High-Dose Chemotherapy Given Together With Peripheral Blood Stem Cell Transplant in Treating Patients With Intestinal T-Cell Lymphoma
|ClinicalTrials.gov Identifier: NCT00669812|
Recruitment Status : Unknown
Verified November 2008 by National Cancer Institute (NCI).
Recruitment status was: Recruiting
First Posted : May 1, 2008
Last Update Posted : August 26, 2013
RATIONALE: Giving chemotherapy before a peripheral blood stem cell transplant stops the growth of cancer cells by stopping them from dividing or by killing them. After treatment, stem cells are collected from the patient's blood and stored. More chemotherapy is given to prepare the bone marrow for the stem cell transplant. The stem cells are then returned to the patient to replace the blood-forming cells that were destroyed by the chemotherapy.
PURPOSE: This phase II trial is studying high-dose chemotherapy given together with peripheral blood stem cell transplant in treating patients with intestinal T-cell lymphoma.
|Condition or disease||Intervention/treatment||Phase|
|Lymphoma Small Intestine Cancer||Drug: carmustine Drug: cyclophosphamide Drug: cytarabine Drug: doxorubicin hydrochloride Drug: epirubicin hydrochloride Drug: etoposide Drug: ifosfamide Drug: melphalan Drug: methotrexate Drug: prednisolone Drug: vincristine sulfate Procedure: autologous hematopoietic stem cell transplantation Procedure: biopsy Procedure: peripheral blood stem cell transplantation||Phase 2|
- To assess the efficacy and toxicity of intensive high-dose chemotherapy (alternating I'VE regimen and intermediate-dose methotrexate) followed by autologous peripheral blood stem cell transplantation for treatment of patients with intestinal T-cell lymphoma.
- To assess the toxicity of the regimen in a large population of these patients.
- To provide a coordinated approach to the treatment of these patients.
- To register patients unfit for the protocol chemotherapy into the pathological part of the study.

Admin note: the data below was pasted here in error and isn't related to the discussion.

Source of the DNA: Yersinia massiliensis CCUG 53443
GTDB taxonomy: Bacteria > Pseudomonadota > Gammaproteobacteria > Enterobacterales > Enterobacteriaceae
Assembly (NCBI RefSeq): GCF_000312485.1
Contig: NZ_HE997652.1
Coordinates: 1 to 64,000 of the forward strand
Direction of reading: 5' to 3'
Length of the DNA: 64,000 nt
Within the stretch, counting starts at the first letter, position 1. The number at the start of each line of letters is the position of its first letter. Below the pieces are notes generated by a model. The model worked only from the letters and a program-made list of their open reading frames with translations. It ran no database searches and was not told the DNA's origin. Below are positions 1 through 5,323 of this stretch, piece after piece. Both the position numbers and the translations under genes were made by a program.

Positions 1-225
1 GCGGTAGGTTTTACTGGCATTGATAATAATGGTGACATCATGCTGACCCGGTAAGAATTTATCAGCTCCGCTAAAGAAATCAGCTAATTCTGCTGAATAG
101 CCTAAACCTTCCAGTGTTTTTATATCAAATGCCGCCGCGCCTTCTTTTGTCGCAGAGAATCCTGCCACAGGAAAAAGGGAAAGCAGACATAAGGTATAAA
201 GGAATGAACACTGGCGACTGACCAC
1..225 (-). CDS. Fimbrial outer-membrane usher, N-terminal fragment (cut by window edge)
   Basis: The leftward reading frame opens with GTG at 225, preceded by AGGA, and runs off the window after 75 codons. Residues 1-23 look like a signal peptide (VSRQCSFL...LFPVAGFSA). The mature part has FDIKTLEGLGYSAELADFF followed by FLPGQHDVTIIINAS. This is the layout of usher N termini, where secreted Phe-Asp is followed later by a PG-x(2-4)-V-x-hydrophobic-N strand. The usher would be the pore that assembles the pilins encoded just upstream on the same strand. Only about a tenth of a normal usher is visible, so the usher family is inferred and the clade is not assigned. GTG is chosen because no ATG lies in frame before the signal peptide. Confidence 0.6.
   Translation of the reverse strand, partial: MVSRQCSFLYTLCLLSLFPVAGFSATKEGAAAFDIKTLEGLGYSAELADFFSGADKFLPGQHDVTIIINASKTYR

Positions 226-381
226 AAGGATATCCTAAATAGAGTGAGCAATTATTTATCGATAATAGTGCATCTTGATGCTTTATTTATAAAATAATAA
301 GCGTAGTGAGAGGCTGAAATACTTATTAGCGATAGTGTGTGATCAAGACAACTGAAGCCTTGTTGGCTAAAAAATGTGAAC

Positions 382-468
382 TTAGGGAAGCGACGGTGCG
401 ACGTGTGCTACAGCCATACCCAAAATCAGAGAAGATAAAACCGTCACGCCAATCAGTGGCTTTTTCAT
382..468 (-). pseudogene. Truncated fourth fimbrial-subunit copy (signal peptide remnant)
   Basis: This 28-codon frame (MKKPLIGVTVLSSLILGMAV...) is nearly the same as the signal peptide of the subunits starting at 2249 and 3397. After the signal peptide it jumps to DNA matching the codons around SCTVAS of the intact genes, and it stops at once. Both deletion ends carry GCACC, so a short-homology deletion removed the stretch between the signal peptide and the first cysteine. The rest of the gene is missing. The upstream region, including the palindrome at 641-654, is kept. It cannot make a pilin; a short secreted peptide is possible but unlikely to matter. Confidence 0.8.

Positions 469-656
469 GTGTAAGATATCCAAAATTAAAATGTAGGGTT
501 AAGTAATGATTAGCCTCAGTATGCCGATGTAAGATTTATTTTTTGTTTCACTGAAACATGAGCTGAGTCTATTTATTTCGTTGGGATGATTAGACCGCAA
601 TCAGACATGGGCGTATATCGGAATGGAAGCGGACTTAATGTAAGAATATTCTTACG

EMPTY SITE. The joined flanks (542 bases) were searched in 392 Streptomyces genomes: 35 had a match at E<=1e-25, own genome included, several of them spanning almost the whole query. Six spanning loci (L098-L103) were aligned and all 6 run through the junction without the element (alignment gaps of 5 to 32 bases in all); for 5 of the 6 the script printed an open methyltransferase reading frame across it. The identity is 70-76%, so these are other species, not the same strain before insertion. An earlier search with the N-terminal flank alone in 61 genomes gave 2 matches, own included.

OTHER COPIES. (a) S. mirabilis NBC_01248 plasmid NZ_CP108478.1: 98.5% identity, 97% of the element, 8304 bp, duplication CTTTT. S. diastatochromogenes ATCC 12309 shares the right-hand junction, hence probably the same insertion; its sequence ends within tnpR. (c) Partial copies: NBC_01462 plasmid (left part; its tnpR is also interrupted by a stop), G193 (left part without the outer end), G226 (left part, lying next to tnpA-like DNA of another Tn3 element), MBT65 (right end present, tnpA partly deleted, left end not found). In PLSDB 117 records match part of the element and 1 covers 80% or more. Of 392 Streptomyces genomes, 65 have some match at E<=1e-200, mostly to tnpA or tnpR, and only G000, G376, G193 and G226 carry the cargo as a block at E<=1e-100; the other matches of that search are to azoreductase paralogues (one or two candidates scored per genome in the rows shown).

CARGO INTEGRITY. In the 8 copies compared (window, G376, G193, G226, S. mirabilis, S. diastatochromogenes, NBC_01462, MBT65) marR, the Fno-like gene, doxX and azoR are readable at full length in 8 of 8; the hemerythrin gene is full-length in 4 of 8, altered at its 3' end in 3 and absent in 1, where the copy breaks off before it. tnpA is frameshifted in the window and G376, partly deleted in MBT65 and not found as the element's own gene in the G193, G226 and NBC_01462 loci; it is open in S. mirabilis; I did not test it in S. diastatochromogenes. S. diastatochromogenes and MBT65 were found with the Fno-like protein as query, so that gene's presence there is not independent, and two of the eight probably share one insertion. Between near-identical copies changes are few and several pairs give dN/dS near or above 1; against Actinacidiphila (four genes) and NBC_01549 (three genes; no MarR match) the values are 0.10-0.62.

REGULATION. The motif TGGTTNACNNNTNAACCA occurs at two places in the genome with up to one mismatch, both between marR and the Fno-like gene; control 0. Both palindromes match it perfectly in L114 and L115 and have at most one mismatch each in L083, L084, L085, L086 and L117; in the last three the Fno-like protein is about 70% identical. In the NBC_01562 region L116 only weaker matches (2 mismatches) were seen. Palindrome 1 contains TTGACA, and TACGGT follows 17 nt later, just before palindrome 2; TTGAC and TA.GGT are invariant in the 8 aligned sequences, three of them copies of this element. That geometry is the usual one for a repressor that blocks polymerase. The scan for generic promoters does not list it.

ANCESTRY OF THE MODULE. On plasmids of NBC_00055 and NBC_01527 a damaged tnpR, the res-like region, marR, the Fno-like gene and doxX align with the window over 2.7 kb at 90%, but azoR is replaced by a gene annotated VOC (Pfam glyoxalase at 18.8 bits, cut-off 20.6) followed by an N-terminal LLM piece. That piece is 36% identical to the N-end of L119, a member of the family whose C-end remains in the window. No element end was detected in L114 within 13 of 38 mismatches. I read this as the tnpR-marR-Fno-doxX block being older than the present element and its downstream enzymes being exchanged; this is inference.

OUTLINE: This is a multicenter study
- Chemotherapy: Patients receive CHOP chemotherapy comprising cyclophosphamide IV over 15 minutes, doxorubicin hydrochloride IV, and vincristine IV on day 1. Patients also receive oral prednisolone on days 1-5.
After recovering from CHOP chemotherapy, patients receive I'VE chemotherapy comprising epirubicin hydrochloride IV on day 1 and etoposide IV over 2 hours and ifosfamide IV continuously on days 21-23. Patients also receive methotrexate IV over 24 hours on day 21. Treatment repeats every 28 days for 3 courses in the absence of disease progression or unacceptable toxicity.
- Consolidation therapy: On day 77, stem cells are collected from patients if the marrow is clear of disease. After completion of chemotherapy, patients in complete remission receive carmustine IV on day 105, cytarabine IV and etoposide IV on days 106-109, and melphalan IV on day 110. These patients undergo autologous peripheral blood stem cell transplantation on day 112.
Prior to study treatment, patients undergo a biopsy of the gut to confirm diagnosis and a blood sample is taken. Both blood and tissue samples may be used for further studies.
After recovery from treatment, patients are followed monthly for 4 months, then bimonthly for 1 year, every 3 months for 1 year, every 4 months for 1 year, every 6 months for 1 year, and then annually thereafter.
Peer Reviewed and Funded or Endorsed by Cancer Research UK.
|Study Type :||Interventional (Clinical Trial)|
|Estimated Enrollment :||60 participants|
|Masking:||None (Open Label)|
|Official Title:||A Phase II Evaluation of High Dose Chemotherapy and Autologous Stem Cell Transplantation for Intestinal T-cell Lymphomas|
|Study Start Date :||February 2008|
- Survival at 1 year
Please refer to this study by its ClinicalTrials.gov identifier (NCT number): NCT00669812
|Sir James Spence Institute of Child Health at Royal Victoria Infirmary||Recruiting|
|Newcastle-Upon-Tyne, England, United Kingdom, NE1 4LP|
|Contact: Anne Lennard 44-191-282-4743 email@example.com|
|Principal Investigator:||Anne Lennard||Sir James Spence Institute of Child Health at Royal Victoria Infirmary|